~ Amelie -- I've only known one Amelie (and one Amelia), and they both used the full name. Amy wouldn't occur to me since the A has a different sound--I think Amelie is pretty nn-proof, but if I had to think of some I'd say Mel (meh) or Lee or Lia (not bad -- and this would also work for Natalie). I know a young Virginia who goes exclusively by Nia, so it can be done--that's just how she is introduced to everyone (although I adore the full name and wish I could call her that instead).

By EVie
February 23, 2012 6:00 PM

chipper28 - I have to say, I don't think I would use Caecilia either—mostly because it would just be too much of a pain to have to constantly correct people, but also because that spelling makes me want to pronounce it the classical Latin way, with hard Cs. I also wouldn't have the guts to do Aemilia, though I think that spelling is striking.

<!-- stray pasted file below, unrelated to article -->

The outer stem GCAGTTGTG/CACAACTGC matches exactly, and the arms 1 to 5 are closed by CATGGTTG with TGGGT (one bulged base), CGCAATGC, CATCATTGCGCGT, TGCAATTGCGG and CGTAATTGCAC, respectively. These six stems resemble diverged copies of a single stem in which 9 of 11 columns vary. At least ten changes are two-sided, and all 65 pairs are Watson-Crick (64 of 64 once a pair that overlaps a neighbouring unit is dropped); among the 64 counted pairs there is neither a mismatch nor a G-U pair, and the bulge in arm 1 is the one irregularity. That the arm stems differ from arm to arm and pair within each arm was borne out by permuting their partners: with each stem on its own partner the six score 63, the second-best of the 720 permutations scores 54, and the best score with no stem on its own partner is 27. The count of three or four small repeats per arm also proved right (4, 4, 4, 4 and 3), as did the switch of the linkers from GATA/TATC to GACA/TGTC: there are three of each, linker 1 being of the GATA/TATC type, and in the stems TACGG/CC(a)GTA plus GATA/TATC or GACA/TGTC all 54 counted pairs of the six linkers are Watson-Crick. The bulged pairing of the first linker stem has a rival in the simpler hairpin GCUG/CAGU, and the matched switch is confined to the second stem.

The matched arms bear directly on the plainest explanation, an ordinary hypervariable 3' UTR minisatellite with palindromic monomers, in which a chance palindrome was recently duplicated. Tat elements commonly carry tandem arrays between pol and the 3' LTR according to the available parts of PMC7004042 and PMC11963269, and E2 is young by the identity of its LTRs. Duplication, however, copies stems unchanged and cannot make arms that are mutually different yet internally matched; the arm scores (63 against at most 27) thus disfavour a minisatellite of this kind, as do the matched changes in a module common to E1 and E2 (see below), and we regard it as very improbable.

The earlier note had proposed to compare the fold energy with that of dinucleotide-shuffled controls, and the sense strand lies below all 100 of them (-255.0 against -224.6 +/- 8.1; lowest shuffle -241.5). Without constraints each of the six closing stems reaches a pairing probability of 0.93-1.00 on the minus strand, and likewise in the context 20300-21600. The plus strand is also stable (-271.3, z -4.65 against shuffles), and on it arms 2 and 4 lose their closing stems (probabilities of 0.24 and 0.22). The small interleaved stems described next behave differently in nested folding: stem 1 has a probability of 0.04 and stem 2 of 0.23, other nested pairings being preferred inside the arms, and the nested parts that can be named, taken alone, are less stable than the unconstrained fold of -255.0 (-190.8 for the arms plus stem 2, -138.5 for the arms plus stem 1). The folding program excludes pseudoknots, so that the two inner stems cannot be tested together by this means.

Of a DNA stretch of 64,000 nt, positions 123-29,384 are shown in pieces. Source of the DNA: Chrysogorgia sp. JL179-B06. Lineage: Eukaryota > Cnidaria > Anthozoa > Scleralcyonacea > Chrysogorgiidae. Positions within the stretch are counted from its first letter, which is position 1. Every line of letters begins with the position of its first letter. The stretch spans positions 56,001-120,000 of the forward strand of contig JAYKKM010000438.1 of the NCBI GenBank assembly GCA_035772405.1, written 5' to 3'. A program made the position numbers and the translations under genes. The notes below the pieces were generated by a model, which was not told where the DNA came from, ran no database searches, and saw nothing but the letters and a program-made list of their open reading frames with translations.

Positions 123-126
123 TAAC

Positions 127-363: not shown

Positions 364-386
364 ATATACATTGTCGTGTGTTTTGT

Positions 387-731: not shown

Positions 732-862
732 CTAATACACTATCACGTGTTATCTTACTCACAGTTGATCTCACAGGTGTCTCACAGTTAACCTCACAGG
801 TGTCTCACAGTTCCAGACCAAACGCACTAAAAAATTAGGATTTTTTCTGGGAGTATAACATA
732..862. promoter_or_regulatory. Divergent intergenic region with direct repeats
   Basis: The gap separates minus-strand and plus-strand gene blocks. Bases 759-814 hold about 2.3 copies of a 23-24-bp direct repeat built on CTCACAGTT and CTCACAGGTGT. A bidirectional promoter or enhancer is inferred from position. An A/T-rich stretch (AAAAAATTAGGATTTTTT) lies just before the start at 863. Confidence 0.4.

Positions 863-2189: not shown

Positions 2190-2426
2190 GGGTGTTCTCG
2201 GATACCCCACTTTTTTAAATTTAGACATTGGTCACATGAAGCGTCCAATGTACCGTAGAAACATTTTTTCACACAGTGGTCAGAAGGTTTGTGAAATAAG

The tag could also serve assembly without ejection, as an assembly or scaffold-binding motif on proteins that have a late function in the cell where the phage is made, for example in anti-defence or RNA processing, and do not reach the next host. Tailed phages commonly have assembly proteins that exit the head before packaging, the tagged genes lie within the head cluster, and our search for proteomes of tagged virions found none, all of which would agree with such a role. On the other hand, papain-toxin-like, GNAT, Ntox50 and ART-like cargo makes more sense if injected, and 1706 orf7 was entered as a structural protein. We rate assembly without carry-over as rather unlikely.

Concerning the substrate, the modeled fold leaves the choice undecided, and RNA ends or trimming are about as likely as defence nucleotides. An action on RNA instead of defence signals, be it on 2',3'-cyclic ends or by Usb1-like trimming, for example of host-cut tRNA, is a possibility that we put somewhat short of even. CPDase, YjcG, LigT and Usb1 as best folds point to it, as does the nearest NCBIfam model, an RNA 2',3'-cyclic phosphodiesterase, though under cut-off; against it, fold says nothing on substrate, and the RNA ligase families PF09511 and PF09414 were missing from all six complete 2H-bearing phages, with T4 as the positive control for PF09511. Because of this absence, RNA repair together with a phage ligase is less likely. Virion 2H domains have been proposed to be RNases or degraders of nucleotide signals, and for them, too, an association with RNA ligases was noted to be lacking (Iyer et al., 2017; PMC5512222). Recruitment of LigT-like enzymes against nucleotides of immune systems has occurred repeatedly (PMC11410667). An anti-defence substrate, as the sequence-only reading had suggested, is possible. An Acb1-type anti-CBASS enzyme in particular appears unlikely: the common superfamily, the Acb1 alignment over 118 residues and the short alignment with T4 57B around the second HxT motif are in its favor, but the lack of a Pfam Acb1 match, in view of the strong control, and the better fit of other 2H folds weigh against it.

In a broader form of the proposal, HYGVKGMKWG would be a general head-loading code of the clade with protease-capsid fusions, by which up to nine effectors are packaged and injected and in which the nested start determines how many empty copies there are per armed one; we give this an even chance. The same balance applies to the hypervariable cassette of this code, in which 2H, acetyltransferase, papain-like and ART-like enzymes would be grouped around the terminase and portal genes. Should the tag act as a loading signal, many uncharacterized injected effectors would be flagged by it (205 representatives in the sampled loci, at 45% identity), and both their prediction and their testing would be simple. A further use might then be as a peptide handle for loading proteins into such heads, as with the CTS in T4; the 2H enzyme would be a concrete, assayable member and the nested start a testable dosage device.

JenMN - I put Juliet, Elise and Vivienne into Name Matchmaker Expert and guess what the #1 result was? Genevieve!

Other suggestions (sorry if there is repetition):

Coraline or Coralie

I really want to suggest Elodie for you, but it's an E; also Phoebe, Arielle, Adelaide, Anneliese. Maybe for middles, if you decide against Josephine.

What kind of name do you think would fit with your heritage, if Scandinavian and Slavic don't? Sometimes that's a good way to tailor suggestions. Also, I agree with hyz that Mira reads more Latin to me (though I know it has Slavic roots as well).

February 23, 2012 10:38 PM

@PennyX - I love most of your girl options. I think Ursula and Sylvie would be my picks for you but I love Anya too. I can totally get behind Clara, Nora, Matilda, Claudia and Imogen for you too. I'm not keen on Thalia, Althea, Thea or Jane with your surname.

I have no problem with the 'ur' sound in Ursula. I think just because many people don't hear it that often it may not have the most current vibe. I used mostly associate it with the character from Friends. Given that show is old now and she wasn't a main character I don't think that matters. A young Ursula would be fantastic.